Q. I would like to attract birds to my garden this winter – any suggestions?
A. When attempting to attract birds to your garden, it is important to know what species are in your area, their food preferences, and feeding habits. For example, some birds such as mourning doves are ground feeders while others such as the cardinal (Illinois state bird) visit feeders. Be sure to check local ordinances before feeding birds on the ground; ground feeding may be prohibited in some municipalities because it attracts other unwanted animals.
Regularly stocking your bird feeders with favorite foods will increase the chances that birds will continually visit your garden. Safflower seed, sunflower hearts, and millet are preferred by many species of birds including cardinals, chickadees, and nuthatches. Suet cakes, especially popular in winter, are comprised of seed, nuts, and fat products. They are a high-energy food and very attractive to various species. Be sure to keep suet cakes cold or they may become rancid.
Water is essential to birds in the winter. Placing water basins in sunny locations will often keep it from freezing. Commercial water heaters designed for birdbaths can be used to keep water open.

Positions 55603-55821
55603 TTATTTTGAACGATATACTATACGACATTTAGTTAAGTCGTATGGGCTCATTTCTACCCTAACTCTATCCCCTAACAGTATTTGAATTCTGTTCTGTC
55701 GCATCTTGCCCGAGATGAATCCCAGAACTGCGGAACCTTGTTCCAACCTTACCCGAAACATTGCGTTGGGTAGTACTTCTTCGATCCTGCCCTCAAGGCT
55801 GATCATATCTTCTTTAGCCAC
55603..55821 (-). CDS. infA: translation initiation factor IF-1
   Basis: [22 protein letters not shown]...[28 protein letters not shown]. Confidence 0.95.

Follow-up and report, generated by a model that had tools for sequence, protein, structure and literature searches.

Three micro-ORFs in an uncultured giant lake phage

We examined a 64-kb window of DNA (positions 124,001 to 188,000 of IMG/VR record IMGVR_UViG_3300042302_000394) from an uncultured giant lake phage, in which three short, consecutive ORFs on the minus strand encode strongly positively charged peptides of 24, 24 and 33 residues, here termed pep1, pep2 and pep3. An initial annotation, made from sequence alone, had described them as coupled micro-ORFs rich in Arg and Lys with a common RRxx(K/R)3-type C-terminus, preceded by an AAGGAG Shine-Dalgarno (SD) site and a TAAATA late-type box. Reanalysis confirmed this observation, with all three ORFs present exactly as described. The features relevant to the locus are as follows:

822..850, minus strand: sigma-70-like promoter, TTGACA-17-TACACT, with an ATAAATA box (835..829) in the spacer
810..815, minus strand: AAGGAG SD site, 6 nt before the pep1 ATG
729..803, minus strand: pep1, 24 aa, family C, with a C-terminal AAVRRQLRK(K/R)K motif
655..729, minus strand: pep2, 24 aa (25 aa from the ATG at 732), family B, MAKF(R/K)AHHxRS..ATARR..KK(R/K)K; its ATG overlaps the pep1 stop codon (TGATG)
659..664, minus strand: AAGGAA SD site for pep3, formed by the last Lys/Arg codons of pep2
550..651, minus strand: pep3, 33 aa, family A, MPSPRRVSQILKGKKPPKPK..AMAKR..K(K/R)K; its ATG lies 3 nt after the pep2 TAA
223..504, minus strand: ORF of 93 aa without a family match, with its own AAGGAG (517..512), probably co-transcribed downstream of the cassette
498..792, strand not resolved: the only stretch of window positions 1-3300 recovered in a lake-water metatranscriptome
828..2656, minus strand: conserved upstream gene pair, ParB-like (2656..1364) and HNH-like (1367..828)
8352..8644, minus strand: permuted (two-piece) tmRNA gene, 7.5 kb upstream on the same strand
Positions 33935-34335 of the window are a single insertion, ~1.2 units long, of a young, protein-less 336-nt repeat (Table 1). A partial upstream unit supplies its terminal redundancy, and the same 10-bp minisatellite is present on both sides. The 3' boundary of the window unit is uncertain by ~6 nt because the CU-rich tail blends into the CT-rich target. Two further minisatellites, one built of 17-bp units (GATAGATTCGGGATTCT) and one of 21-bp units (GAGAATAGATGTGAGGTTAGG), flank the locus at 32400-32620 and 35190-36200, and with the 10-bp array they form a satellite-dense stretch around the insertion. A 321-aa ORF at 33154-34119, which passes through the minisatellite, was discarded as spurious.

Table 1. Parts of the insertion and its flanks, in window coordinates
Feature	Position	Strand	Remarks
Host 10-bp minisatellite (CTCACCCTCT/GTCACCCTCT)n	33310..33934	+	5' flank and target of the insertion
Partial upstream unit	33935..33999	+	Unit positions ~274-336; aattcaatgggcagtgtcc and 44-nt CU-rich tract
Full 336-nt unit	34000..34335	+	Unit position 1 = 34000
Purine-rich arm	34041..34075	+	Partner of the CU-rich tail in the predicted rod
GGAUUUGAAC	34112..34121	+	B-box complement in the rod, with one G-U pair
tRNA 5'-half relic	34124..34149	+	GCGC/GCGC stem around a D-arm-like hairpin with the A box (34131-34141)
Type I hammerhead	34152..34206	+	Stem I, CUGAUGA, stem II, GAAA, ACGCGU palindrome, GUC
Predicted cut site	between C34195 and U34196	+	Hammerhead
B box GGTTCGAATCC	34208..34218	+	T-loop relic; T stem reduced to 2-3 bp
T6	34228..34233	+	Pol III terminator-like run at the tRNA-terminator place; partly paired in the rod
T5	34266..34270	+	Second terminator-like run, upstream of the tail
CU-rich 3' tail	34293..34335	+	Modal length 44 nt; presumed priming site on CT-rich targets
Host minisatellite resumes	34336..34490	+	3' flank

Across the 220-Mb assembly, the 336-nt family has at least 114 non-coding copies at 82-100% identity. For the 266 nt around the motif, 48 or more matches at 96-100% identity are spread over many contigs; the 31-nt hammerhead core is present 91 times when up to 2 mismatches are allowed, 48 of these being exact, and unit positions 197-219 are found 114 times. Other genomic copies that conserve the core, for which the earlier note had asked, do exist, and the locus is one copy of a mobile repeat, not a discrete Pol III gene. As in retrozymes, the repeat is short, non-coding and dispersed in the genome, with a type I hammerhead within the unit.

It is important to thoroughly clean and dry bird feeders, houses, and water basins on a regular basis to prevent the spread of bacteria and keep birds healthy. Use hot soapy water to wash feeders, houses, or basins and rinse thoroughly with clean water. Occasionally, a solution of one part bleach to nine parts water can be used for washing.
Winter is the perfect time to plan next season’s landscape with plants that will invite birds to your garden all year long. Seed-producing plants such as ornamental grasses, black-eyed Susans, and sunflowers are appealing to birds throughout the year. Fruits and nuts from trees and shrubs such as crabapples, serviceberries, and dogwoods are considered delicacies. Perennial plants that produce nectar, such as bleeding hearts and cardinal flowers attract hummingbirds and orioles.
Birds need shelter year-round to protect them from predators, provide roosting and nesting areas, and to guard them from cold, wind, rain, and snow. Shelter can be furnished with birdhouses or landscaping. For example, cone-bearing evergreens such as spruce and pine may be utilized for both food and shelter.
For more in-depth information on birds in the landscape, please visit the Chicago Botanic Garden’s Lenhardt Library in the Regenstein Center.